Published: 13 April 2010
The press are calling it the first ‘digital election’, where battles will be won and lost through digital marketing channels, writes Nick Towers of Sagittarius Digital.
It certainly proved an effective strategy for Barack Obama during last year’s race for the White House. Obama’s tactical use of email, mobile SMS and social networking websites put him head and shoulders above his rivals, while candidates who ignored digital marketing did so at their peril.
In the UK the main political parties are already following suit, with mixed results. On the one hand, David Cameron’s Twittering is gathering momentum and the use of Twitter and social networking sites, such as Facebook, has engaged a much younger, tech-savvy audience. On the other, one Scottish Labour candidate has been shunned by the Labour Party following allegedly offensive Tweets.
So how will politicians make the most of digital marketing? Both major parties are using email as a way at maintaining constant dialogue with supporters. The Conservatives are reported to have bought over 1,500 key phrases for Google AdWords advertising. Meanwhile, one BBC reporter has posted evidence of a search for ‘David Cameron’ returning an advert from the Labour Party, titled ‘The Tory risk to Britain’. So search marketing, as it is for most brands, is proving to be a key area of engagement.
In the US, one of Obama’s strategies was to ensure that the right message was delivered at the right time, through the right digital channel. His use of mobile ensured that he could communicate with his database of over one million mobile numbers right up to the moment they walked into the voting booths. Here in the UK, evidence suggests that while digital offers new and exciting ways to communicate, the messages are still the same and this could be costly, figuratively and literally.
Facebook, which for the first time overtook Google as the most visited site in the US for the week of 13 March 2010, has already been identified as a key channel for engaging a younger audience. Democracy UK has posted an app for downloading voter registration forms and is following this up with a Facebook ad campaign, targeting every 18- to 24-year-old in the UK.
Other research has shown that up to half of those aged 18 to 25 have become more interested in the election as a result of online political activity. This change in voter demographics could have serious implications and perhaps the resurrection of ‘Cool Britannia’ – a younger, more connected brand of politics and politicking.
With leading online competitive intelligence service HitWise UK reporting that the 2010 Budget saw voters significantly responding through financial and business related websites, the message to the parties is clear: the Internet will be a voice of the people.
Labour’s new media organiser, Kerry McCarthy (aka ‘Twitter Tsar’), has already acknowledged the power of the Web in allowing the public to carry the campaign of the party, relying on a stable community of online supporters to Tweet the party line and create their own viral campaigns.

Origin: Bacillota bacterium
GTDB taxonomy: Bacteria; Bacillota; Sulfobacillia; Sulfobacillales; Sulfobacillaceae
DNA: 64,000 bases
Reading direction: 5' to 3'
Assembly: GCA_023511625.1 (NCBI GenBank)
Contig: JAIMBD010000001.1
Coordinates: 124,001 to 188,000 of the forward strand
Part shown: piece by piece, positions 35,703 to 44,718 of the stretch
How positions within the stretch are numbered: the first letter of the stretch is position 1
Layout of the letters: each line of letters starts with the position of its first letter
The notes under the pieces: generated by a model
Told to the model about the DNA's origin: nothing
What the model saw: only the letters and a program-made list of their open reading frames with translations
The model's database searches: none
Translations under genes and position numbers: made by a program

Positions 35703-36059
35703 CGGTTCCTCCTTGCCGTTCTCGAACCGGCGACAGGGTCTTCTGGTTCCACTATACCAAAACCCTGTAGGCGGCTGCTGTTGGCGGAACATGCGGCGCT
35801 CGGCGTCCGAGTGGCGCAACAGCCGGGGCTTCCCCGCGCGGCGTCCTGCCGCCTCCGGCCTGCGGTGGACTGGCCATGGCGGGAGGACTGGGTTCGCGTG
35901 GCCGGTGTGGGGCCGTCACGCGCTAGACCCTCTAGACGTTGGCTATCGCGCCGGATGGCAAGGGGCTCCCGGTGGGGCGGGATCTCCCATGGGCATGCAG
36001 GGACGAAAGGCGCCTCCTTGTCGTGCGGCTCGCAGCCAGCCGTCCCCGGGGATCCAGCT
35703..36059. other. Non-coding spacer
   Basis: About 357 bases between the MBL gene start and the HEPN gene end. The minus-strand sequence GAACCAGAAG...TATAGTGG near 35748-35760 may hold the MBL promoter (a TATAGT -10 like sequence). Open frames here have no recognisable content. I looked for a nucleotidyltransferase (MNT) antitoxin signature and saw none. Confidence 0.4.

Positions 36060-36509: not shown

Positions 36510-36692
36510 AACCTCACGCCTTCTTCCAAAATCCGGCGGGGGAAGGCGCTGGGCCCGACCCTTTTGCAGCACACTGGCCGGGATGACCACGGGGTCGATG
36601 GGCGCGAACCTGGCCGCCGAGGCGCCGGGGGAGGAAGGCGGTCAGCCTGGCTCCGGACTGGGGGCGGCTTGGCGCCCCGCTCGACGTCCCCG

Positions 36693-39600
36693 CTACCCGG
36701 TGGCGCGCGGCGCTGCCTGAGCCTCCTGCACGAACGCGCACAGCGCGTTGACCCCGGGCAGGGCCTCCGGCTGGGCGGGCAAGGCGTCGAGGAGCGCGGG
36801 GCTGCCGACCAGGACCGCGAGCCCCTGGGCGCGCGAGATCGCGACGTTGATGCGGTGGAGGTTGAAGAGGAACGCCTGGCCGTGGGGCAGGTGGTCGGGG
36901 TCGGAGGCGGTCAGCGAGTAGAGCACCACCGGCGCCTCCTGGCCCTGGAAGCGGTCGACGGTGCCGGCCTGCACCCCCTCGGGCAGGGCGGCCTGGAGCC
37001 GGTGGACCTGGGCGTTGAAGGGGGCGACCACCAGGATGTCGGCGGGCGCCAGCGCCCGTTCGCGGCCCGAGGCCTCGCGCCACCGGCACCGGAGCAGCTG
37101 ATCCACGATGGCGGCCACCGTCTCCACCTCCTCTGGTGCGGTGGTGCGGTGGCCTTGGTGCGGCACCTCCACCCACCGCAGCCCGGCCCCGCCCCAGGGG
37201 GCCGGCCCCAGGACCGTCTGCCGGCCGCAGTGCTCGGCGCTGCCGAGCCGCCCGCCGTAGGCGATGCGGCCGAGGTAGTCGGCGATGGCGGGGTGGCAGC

So what can the parties try next...
Better mobile communications – with voters signing up for emails, only the Tories have asked for a mobile number to receive free text alerts. Mobile communications proved very successful in the US Presidential race as they can really add another dimension to a message through geography, timing and proximity.
Encourage more viral – the Tories have been the butt of many a digital viral with the series of ‘airbrushed’ David Cameron posters. The other parties need to learn from this low-cost Labour campaign and get the public to take up the political charge, virally.
Integrated campaigns – at the moment most digital activities are seemingly fractious. Better links from offline to online and across digital channels would increase longer-term engagement. This could include best use of digital TV’s ‘red button’ and Bluetooth broadcasting around key outdoor media sites.
And beyond social networks? Well, the parties could try Google Calendar to keep supporters up to date with key events. These can be made public and seamlessly integrate with users’ mobile and computer calendars.
They could also focus on adding value to the user for better long-term engagement. You could argue that the parties have already used many of the new channels but they’re still pumping out the same old campaign messages. For example, the iPhone App from the Tories is just another party line distribution message. Interesting, but not necessarily engaging. A better idea might be to use augmented reality and/or gaming mechanics to create something interactive and fun.
The very real threat of a hung parliament will undoubtedly add to the pressure to find new voters and political converts. Whatever the political parties do to win our support, one thing is certain: as a voting population we’ve never had it so good in terms of being able to openly discuss the issues of the day. The party that listens effectively is likely to be the one we see celebrating come May 6.
Nick Towers is Director of Digital at Folkestone-based Sagittarius Digital, part of Sagittarius Marketing.